Are you feeling uninspired, burnt out, or just plain tired of your creative work? It happens to us all, but most of us don't really talk about it. And that creates a vicious circle, where you assume you're the outlier. This makes you wonder if you're lacking in some way or even cut out for a creative career at all.
So we'll start. If you feel you've lost your passion for your creative work, you're NOT alone. Everyone faces this at some point, even the world's most famous designers and artists (we've interviewed most of them, so we know, even if we were told off the record).
And that's not really surprising. Any career, whether creative or not, can become a churn, whether it's due to our own actions or things outside of our control. It's usually a combination of both. But with that established, what can you actually do about it?
The good news is that it is possible to reignite the spark and fall back in love with your craft. In this article, we'll explore some practical tips and strategies for rediscovering your passion and reigniting your creativity. Whatever type of creative you are, these ideas can help you get back on track and find joy in your work once again.
All these suggestions come from the Creative Boom community, and there are plenty more where they came from: you can access the full thread here.
Ask a creative about a time they needed to get their mojo back, and you'll hear the same advice coming back, time and time again: try something new.
"I've fallen out of love with my work a few times," says Dave Ellis, designer and co-founder at motion design studio Everything's Fine Today. "When that happens, I try and focus on something completely new within the discipline: a new piece of software, new technique, new medium. Anything that feels different."
UX designer Pete Bingham confirms that this really does work. "Trying new ways to express your creativity carves new creative synapses," he explains. "The inspiration returns remarkably quickly, meaning you're ready to start again. The further you can get from your comfort zone, the better. Artist? Try knitting. Writer? Try pottery. You get the idea."
Part of this process is about stepping away from work that has a specific purpose and re-engaging in work that's purely done for fun and creative curiosity. For illustrator and comic artist Diana Nguyễn, it's about: "Trying new mediums with no goals in mind, sometimes taking a step back from even looking at art and living my life, and then one day you feel the flicker in your heart again. It always returns when you stop trying so hard to get it back."
That's exactly what happened to illustrator Tilly. "I lost all love for my work after my mum died," she recalls. "I stopped illustrating and experimented with other creative practices like papier-mâché and painting. This helped me find my way back to holding the pencil confidently. Now, I love illustrating again, and my work is so much stronger because of it."
Learning a new discipline is one way to reboot your creativity, but it's not the only one. Another is to keep doing what you always do but do it differently. Collective projects, which are often shared on social media for fun, are a great way to approach this, as comic artist Sam Hardacre discovered last year.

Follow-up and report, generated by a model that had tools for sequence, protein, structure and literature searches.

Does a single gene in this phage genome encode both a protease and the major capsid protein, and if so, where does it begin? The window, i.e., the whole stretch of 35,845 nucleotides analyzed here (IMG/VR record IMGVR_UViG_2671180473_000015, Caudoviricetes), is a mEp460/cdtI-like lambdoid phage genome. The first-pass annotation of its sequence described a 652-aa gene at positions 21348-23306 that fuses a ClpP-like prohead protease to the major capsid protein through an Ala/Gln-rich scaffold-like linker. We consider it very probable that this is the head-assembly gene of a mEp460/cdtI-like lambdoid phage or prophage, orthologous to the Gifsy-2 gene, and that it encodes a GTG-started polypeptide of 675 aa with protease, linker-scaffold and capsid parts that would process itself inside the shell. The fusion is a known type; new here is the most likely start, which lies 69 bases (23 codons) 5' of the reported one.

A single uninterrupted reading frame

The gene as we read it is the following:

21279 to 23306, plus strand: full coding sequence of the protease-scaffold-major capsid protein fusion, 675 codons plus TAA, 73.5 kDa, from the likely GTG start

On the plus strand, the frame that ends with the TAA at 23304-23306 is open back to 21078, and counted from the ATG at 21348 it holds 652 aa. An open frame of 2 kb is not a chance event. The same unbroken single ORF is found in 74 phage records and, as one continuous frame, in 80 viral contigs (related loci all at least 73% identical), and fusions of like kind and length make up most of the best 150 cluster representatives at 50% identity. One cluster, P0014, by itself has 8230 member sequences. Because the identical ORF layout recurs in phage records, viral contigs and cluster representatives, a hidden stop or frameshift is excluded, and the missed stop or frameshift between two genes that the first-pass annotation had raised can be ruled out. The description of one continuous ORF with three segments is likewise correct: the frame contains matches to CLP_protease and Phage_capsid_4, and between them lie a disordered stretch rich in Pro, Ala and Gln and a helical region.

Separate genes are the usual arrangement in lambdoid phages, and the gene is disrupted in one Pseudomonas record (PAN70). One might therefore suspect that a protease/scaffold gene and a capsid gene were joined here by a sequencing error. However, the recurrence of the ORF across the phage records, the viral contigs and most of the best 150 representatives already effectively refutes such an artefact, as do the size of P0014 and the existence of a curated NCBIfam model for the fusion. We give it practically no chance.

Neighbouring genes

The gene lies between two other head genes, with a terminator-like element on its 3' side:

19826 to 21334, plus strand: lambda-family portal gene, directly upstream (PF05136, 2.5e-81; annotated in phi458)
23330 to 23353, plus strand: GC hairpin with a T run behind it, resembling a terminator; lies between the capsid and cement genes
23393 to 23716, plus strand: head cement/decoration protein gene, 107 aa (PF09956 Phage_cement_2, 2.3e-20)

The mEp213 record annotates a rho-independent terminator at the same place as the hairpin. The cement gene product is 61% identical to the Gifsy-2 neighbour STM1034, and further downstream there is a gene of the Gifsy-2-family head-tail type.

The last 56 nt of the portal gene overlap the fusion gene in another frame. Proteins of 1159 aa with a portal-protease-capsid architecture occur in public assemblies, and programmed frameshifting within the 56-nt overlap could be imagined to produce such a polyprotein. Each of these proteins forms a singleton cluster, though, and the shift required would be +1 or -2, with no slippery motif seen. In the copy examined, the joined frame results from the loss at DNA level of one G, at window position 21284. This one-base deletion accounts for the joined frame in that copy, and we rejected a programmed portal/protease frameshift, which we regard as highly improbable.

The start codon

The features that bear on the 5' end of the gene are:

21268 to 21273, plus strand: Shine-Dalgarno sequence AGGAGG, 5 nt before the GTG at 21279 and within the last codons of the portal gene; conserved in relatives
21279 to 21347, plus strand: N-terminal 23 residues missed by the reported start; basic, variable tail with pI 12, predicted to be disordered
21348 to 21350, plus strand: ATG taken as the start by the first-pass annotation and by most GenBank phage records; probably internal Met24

"I had a bit of a creative crisis where I just didn't draw anything for a month or so," he recalls. "I was focused on making comics, and it just wasn't working for me. Taking part in Inktober – a daily creative exercise totally removed from what I normally do – really helped me re-connect with just having some fun, whilst getting my brain working to come up with an idea each day. I started day one with random shapes; then, I picked one each day to turn into a pumpkin. You can see the start and end result here."
You don't, of course, have to do a project to reframe the way you create, as graphic designer and illustrator Iancu recently discovered. "After over a year spent on a project, I realised I was unhappy with my work and anxious about reaching 'the end'," he explains. "Then, two months ago, I decided to focus on quantity instead of quality: just do x amount (lots) every day and forget the goal. Soon I was enjoying it again, and the quality was much better."
When your laptop stops working, the first thing you try is "Switch it off and switch it on again." And the same applies to your creativity: taking a break is often necessary to get all systems running again.
For illustrator Ananya, this is simply common sense. "I find my passion for work goes when I'm overworked," she explains. "It's my brain telling me I need a break, and so that's what I do: I take a break from work and sometimes from drawing altogether. In that period, I'll focus on things that energise, nourish and sustain me."
When Tom Smith finds himself falling out of love with his work, he'll take a similar approach: "I'll just take a break ENTIRELY from anything design and development-based for a couple of weeks," he says. "Then, I'll gradually introduce related media that I find inspiring; books, blogs etc. This always works to re-kindle my spark."
How long you need to break can vary enormously. "Last year I burnt out and felt very disconnected from creating: I wanted to quit," recalls illustrator, writer and artist Marloes De Vries. "So I disconnected myself physically by moving abroad for three months. Being away from home and my usual routine forced me to develop new ways of looking at simple things, like groceries. It recharged me."
Content writer Masooma tells a similar story. "Taking long breaks and doing something completely different from my routine and outside of work has helped me tons," she says. "I did this recently and in August. Both times I travelled – one time for pleasure and a second time to meet the family. I came back refreshed and in love with my work."
At the opposite end of the scale, the shortest of breaks can still be rejuvenating, especially if you get away from your desk. "Movement is a huge self-preservation tool for me," says Laurel, group creative director of The Sims. "When I feel stuck creatively or by corporate life, I make sure to move my body. Regular gym routines and walking outside help me physically move through whatever is blocking my creativity, joy and growth."